TRIPS Agreement mandates adequate and effective protection for all inventions regardless of the field of technology. The fundamental questions are whether the extent of protection of pharmaceuticals will be beneficial for the socio-economic development of developing countries and how can the impact of the new system be monitored and controlled in the interests of the concerned countries and their populations. Under the Thai Patent Law, Section 46.50 provides for the grant of compulsory licenses, which in practical terms are difficult to implement so much so that no such licenses have been granted since 1979 when the Act came into force. Lack of know-how to work the patent in Thailand has also been a serious deterrent. Provision of a requirement for working of patented inventions is also part of the Thai Act. Section 36(2) of the Thai Patent Law authorizes parallel imports into Thailand if the products are marketed abroad by the patentee or his licensee. Section 9 (4) of the Act adopts the principle that methods of treatment are not patentable. Section 31 permits opposition to be filed after the application is published by the Patent Office. The implication of TRIPS and the Thai Patent Act on the pharmaceutical sector and on the patients in Thailand are discussed in this paper

    Patent rights in pharmaceuticals in developing countries: major challenges for the future

    No full text
    India\u27s 2005 adoption of a TRIPS-consistent patent regime will reveal whether Indian generic pharmaceuticals companies will continue to supply essential drugs for developing nations such as Thailand, who are reliant on India for the supply of cheap medicines. Patent Rights in Pharmaceuticals in Developing Countries investigates the public policy and public health implications of pharmaceutical patenting in countries such as India and Thailand.The book engages with a broad range of new case studies, providing a detailed examination of options for the resolution of access-to-medicine issues at global, national and local levels. In addition, the book reflects the significant progress in international and national patent law and in international policymaking in this area.Broadly accessible, the work will appeal to advanced undergraduate and postgraduate students, as well as researchers and academics in fields such as intellectual property law, public health, industrial economics, development studies and political science. National policymakers and government officials, as well as professionals based in international organizations and pharmaceutical industries, will also find this exciting work of great interest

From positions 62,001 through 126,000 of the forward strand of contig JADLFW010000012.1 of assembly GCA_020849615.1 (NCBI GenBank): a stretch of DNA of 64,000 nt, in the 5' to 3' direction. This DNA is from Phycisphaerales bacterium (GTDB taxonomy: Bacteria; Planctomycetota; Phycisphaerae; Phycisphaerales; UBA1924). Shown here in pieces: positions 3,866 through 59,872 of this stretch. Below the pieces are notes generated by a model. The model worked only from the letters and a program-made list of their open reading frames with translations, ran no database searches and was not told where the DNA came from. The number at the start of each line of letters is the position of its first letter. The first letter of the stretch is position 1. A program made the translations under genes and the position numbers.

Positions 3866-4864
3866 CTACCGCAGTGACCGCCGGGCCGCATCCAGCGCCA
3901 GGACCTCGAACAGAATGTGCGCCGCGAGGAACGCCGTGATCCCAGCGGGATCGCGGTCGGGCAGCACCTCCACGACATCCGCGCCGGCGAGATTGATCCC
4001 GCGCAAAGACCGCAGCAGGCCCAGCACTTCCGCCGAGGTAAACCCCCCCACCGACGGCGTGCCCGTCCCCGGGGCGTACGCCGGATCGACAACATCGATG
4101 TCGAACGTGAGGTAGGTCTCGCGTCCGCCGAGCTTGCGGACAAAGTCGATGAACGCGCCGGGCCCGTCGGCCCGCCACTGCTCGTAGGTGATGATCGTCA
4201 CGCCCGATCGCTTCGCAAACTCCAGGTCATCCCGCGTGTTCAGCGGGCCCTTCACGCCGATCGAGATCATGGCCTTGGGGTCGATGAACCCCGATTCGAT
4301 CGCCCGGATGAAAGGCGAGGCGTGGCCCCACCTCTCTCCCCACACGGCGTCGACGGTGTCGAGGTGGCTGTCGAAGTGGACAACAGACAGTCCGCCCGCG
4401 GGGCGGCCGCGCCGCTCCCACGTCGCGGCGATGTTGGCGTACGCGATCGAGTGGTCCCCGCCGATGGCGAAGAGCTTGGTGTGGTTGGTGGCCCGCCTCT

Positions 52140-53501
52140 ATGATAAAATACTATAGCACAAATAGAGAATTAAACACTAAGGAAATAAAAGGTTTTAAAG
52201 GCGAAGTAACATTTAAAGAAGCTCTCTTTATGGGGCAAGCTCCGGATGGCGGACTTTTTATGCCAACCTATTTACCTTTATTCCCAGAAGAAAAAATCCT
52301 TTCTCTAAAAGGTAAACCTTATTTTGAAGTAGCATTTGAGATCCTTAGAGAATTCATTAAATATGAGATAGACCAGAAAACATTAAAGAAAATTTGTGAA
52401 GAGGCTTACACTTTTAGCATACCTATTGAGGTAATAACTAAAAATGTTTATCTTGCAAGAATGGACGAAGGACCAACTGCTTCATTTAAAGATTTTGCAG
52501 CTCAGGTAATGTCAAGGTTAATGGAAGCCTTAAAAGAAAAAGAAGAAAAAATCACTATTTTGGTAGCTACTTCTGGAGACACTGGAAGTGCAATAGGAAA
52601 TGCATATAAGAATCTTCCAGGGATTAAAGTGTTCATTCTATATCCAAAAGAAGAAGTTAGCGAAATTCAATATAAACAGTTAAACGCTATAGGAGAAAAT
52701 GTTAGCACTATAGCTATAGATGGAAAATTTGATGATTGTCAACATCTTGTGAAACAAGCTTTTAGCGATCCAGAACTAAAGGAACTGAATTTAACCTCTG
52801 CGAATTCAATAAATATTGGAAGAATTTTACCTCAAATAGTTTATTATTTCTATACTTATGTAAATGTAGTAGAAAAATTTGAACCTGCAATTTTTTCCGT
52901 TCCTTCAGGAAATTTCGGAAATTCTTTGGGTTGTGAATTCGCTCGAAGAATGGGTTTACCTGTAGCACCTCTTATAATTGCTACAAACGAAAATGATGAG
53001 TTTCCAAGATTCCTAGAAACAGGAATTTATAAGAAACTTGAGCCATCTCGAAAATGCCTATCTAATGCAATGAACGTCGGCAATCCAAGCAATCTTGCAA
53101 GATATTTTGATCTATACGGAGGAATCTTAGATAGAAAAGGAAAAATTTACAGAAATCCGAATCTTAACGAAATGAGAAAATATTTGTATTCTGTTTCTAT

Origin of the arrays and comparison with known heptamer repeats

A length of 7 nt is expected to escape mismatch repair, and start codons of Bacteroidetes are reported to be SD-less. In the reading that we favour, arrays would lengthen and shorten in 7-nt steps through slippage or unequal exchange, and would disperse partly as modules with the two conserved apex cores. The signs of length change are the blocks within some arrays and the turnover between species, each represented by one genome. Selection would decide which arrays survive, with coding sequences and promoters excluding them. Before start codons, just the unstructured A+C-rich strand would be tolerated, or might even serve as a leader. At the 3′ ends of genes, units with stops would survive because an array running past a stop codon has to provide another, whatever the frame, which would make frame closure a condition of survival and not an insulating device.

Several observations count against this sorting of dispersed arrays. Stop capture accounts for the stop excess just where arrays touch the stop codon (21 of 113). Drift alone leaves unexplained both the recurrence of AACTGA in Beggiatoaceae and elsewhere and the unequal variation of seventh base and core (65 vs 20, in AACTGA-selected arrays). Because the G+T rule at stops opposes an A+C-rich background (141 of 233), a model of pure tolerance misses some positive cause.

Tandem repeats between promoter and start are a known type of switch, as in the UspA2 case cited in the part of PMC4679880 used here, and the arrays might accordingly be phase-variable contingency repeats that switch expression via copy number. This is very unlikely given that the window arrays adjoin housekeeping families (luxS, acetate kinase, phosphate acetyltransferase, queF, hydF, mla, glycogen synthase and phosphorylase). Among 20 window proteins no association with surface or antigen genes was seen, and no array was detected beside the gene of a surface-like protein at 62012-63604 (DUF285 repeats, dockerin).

Appropriate Patent Rules in Developing Countries - Some Deliberations Based on Thai Legislation

    No full text
    447-455TRIPS Agreement mandates adequate and effective protection for all inventions regardless of the field of technology. The fundamental questions are whether the extent of protection of pharmaceuticals will be beneficial for the socio-economic development of developing countries and how can the impact of the new system be monitored and controlled in the interests of the concerned countries and their populations. Under the Thai Patent Law, Section 46.50 provides for the grant of compulsory licenses, which in practical terms are difficult to implement so much so that no such licenses have been granted since 1979 when the Act came into force. Lack of know-how to work the patent in Thailand has also been a serious deterrent. Provision of a requirement for working of patented inventions is also part of the Thai Act. Section 36(2) of the Thai Patent Law authorizes parallel imports into Thailand if the products are marketed abroad by the patentee or his licensee. Section 9 (4) of the Act adopts the principle that methods of treatment are not patentable. Section 31 permits opposition to be filed after the application is published by the Patent Office. The implication of TRIPS and the Thai Patent Act on the pharmaceutical sector and on the patients in Thailand are discussed in this paper

    Patents and access to medicines in Thailand: The ddI case and beyond

    No full text

    TRIPS-Plus Rules under Free Trade Agreements: An Asian Perspective

    No full text
    corecore